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In Shanghai, lockdown blues make way for Covid testing gripes

Residents freed from their homes in China’s most populous city face long lines for frequent P.C.R. tests required to use public transportation or enter malls and offices.
/ Source: Reuters

SHANGHAI — While a two-month Covid lockdown is all but over in Shanghai, residents’ relief is quickly giving way to frustration that they now face hours waiting in line for virus tests and the negative results they must show to be allowed to enter public spaces.

China’s business and commercial hub lifted lockdowns for most of its 25 million residents on Wednesday. But citizens are required to have proof they’ve taken a Covid test within the last 72 hours in order to enter areas like malls and offices, or even to use subways and buses.

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Authorities have built 15,000 testing sites and trained thousands of workers to swab throats. Still, long, snaking lines amid early summer heat of up to 88 degrees Fahrenheit became a common sight on Wednesday and Thursday, with some people saying they lined up for two hours.

One person posted a picture online of a sign at a booth warning of a 4.5-hour wait. The hashtag “Shanghai P.C.R. testing” garnered 190 million views on the social media platform Weibo on Thursday.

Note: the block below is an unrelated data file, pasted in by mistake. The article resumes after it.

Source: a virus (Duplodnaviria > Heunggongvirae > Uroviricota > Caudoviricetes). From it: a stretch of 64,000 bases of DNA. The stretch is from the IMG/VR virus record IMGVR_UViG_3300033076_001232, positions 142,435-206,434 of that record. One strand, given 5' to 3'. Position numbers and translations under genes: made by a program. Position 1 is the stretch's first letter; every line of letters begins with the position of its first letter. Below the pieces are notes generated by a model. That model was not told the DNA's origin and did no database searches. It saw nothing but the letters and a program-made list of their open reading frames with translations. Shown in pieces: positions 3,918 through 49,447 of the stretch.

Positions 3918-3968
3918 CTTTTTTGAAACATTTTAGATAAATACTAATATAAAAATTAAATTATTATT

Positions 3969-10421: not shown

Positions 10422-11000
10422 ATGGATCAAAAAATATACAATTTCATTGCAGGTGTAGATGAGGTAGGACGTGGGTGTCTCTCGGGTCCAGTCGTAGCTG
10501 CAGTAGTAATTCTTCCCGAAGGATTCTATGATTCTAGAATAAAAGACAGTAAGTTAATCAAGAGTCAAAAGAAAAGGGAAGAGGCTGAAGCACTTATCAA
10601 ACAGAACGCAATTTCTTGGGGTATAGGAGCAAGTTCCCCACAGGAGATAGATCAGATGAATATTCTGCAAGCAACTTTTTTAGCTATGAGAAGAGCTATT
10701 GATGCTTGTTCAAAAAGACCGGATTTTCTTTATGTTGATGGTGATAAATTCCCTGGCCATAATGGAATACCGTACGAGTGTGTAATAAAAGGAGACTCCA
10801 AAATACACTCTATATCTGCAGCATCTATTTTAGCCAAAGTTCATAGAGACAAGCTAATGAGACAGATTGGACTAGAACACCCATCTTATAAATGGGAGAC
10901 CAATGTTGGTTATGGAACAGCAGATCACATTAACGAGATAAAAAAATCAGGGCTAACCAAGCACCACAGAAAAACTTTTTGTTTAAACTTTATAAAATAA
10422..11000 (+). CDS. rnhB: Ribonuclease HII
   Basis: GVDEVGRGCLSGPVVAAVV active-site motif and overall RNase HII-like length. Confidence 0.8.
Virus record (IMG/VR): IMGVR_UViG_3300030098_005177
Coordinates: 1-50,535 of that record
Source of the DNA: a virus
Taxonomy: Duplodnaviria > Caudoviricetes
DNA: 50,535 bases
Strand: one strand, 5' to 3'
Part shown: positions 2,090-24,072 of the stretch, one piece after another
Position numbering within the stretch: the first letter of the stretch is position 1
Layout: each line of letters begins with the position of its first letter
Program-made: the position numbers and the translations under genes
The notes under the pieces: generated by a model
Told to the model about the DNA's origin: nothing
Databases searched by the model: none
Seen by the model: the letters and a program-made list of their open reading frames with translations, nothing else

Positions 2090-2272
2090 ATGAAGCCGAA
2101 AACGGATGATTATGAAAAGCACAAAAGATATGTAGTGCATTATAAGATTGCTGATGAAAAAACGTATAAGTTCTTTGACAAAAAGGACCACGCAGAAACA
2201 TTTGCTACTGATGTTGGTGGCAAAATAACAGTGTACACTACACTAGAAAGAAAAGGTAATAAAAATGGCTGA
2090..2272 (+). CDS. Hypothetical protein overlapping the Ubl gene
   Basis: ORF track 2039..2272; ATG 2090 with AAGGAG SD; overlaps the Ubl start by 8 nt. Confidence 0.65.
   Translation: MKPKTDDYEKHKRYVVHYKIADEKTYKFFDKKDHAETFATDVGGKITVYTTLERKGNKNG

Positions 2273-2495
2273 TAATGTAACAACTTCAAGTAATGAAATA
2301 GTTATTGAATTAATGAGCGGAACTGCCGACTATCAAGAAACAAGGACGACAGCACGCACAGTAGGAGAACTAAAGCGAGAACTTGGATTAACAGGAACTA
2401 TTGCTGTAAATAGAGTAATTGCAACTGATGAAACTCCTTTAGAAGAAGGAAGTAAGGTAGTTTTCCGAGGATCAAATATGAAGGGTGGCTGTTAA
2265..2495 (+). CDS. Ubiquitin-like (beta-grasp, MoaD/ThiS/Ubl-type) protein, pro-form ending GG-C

“It is troublesome, but we have no choice,” said Shanghai resident Xu Xiaojun. “This is for everyone’s good.”

Other Chinese cities including Beijing and Shenzhen have imposed similar requirements under a national “zero-Covid” policy that aims to cut off every infection chain.

Despite the deep discontent stirred by Shanghai’s stringent curbs — some 2.5 million in the city are still under lockdown — China has vowed to stick with its approach. It says the zero-Covid policy is needed to save lives and prevent its health care system from being swamped, even as much of the world tries to return to normal despite continuing infections.

That increasingly means Covid testing is becoming a feature of daily life: China’s goal is to have testing sites within a 15-minute walk for everyone in large cities.

Daily Life In Shanghai During Lockdown
Shanghai residents complain they have had to line up for hours for the tests.Hugo Hu / Getty Images

Still, many Shanghai residents remain on edge about the possibility of going back under lockdown.

On Thursday, videos shared on social media showed people fleeing the luxury International Finance Centre mall in the city’s Lujiazui financial district after it stopped people from entering or exiting — a common practice at venues when a positive coronavirus test result is found.

The mall, run by Sun Hung Kai Properties, later issued a notice saying that it had reopened at 12:30 p.m. local time after carrying out a full disinfection without confirming whether there had been a positive virus test at the site. The mall did not respond to calls seeking further comment.

The ruling Chinese Communist Party’s People’s Daily newspaper published a commentary on Thursday in which it said that the zero-Covid policy was most appropriate for China’s situation. It also carried a front-page article describing how Shanghai was returning to normal.

“Great, phased results have been achieved in the defense of Shanghai.”